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This is a step by step progression of a typical watercolor painting.


1. Start with a Good Drawing.

Before I actually begin a painting I do a value sketch.  Often this is a thumbnail sketch only a couple inches large.  This in an invaluable tool and helps with composition as well as light and dark value areas.  I then do a light pencil sketch directly onto the watercolor paper.

2. Apply First Washes.

First I do an under-painting. Thatís a light glaze of yellow, pink or orange in warm passages or blue and purple in the cool passages of the painting. I leave quite a lot of white paper so my painting will have a crisp sparkle necessary to a successful watercolor painting.

3. Apply Light Glazes.

Once the under-painting is dry, I begin with light glazes over large sections of the painting. At this stage I also paint some passages using the "charging" technique.  The area is dampened and moist colors are dropped in and allowed to run together.

4. Add More Glazes.

I may do more drawing at this stage. Occasionally I will use masking fluid to save some necessary white or lightly colored highlights. I donít mask large areas. I carefully paint around the large white sections.  At this stage my design takes shape.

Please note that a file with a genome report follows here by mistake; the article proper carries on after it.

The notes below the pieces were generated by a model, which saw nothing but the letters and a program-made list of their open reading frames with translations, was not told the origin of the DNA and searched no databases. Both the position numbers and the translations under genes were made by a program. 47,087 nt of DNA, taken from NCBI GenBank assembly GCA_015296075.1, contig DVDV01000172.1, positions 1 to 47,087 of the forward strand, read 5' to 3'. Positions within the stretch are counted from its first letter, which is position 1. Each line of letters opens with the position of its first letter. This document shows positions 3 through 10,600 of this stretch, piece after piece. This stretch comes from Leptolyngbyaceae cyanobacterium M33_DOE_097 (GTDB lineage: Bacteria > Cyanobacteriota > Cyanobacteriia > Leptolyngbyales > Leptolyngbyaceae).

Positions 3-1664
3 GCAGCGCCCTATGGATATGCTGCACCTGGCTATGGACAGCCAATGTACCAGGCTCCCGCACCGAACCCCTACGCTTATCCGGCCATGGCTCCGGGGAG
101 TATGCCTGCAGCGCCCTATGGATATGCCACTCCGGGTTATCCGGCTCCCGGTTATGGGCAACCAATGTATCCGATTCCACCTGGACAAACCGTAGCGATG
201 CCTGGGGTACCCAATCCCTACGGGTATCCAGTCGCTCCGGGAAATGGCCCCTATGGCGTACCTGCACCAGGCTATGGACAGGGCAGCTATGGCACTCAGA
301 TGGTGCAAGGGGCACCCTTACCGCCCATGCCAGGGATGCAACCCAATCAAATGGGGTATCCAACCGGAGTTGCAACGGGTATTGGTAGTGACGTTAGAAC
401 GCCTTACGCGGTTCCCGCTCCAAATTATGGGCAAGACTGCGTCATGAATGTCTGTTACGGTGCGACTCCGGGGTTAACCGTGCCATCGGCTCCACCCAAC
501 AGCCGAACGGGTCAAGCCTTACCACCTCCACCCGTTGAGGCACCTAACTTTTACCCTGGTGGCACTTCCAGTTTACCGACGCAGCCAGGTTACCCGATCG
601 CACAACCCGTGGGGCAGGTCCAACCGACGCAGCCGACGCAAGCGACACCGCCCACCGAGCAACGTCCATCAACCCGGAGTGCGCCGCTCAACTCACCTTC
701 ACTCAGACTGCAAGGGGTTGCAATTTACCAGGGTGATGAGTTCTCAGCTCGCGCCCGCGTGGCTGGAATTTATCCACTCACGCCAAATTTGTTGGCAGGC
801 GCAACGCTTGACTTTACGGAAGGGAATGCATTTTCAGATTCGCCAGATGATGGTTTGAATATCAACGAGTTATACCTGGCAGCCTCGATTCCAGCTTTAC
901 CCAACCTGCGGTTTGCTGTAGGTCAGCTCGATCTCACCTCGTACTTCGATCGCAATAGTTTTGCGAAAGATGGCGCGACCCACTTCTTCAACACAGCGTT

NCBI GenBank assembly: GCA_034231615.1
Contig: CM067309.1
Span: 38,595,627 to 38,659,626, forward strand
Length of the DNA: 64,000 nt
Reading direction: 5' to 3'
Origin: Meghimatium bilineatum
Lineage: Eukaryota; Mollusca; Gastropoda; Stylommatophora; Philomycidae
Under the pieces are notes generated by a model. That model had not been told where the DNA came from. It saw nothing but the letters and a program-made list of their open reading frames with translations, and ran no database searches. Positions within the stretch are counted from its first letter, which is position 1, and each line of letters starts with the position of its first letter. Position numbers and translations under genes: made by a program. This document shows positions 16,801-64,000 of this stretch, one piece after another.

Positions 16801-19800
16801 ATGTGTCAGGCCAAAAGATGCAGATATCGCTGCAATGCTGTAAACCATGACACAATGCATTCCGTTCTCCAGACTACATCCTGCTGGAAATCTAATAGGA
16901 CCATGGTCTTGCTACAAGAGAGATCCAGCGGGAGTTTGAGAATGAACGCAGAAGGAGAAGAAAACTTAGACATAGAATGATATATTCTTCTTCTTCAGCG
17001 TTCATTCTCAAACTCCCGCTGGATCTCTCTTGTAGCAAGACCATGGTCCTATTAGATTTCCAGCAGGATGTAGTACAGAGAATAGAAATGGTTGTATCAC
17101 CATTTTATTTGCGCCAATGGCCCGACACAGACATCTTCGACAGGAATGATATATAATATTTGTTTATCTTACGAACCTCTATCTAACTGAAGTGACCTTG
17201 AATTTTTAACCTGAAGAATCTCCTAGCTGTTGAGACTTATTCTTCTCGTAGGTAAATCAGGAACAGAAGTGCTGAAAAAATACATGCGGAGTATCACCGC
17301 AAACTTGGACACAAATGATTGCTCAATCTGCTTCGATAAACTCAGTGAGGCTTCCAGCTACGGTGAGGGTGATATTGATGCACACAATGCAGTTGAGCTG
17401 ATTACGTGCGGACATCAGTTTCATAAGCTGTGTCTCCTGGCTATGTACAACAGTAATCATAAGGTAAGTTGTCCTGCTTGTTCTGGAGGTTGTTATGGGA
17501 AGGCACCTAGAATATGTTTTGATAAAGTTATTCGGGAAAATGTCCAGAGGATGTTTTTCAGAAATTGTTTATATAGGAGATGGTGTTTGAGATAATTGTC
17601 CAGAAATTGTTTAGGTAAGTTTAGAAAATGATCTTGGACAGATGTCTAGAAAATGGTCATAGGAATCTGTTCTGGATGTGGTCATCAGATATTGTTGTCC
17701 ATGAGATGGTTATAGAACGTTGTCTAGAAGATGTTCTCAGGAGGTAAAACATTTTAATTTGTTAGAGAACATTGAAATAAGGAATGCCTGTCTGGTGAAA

5. More Detail.

I continue to evaluate the painting as I proceed. Often it will evolve into something quite different than Iíd planned.  Thatís when the intuitive part of the painting process takes over and I just feel what I need to be doing.  Watercolor is a medium where you need to go with the flow.

6. Finish Painting.

I add more color to deepen passages in the painting until I get the contrast I want.  I continue to evaluate it as I go, sometimes putting it away for a few days.  At this point it's easy to overwork a painting.  Think of your painting as a poem, not a novel.


1. Drawing - Provides a composition or design. 
2. Washes - The undercoating that will glow through.
3. Add Glazes - Thin layers of transparent paint.
4. More Glazes - Build up stronger values of color.
5. More Detail - Define stronger shapes in the design.
6. Finish Painting - Darker opaque passages for details.


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Copyright © 2009 Judy Bert Frisk - All rights reserved.
Last modified: June 13, 2009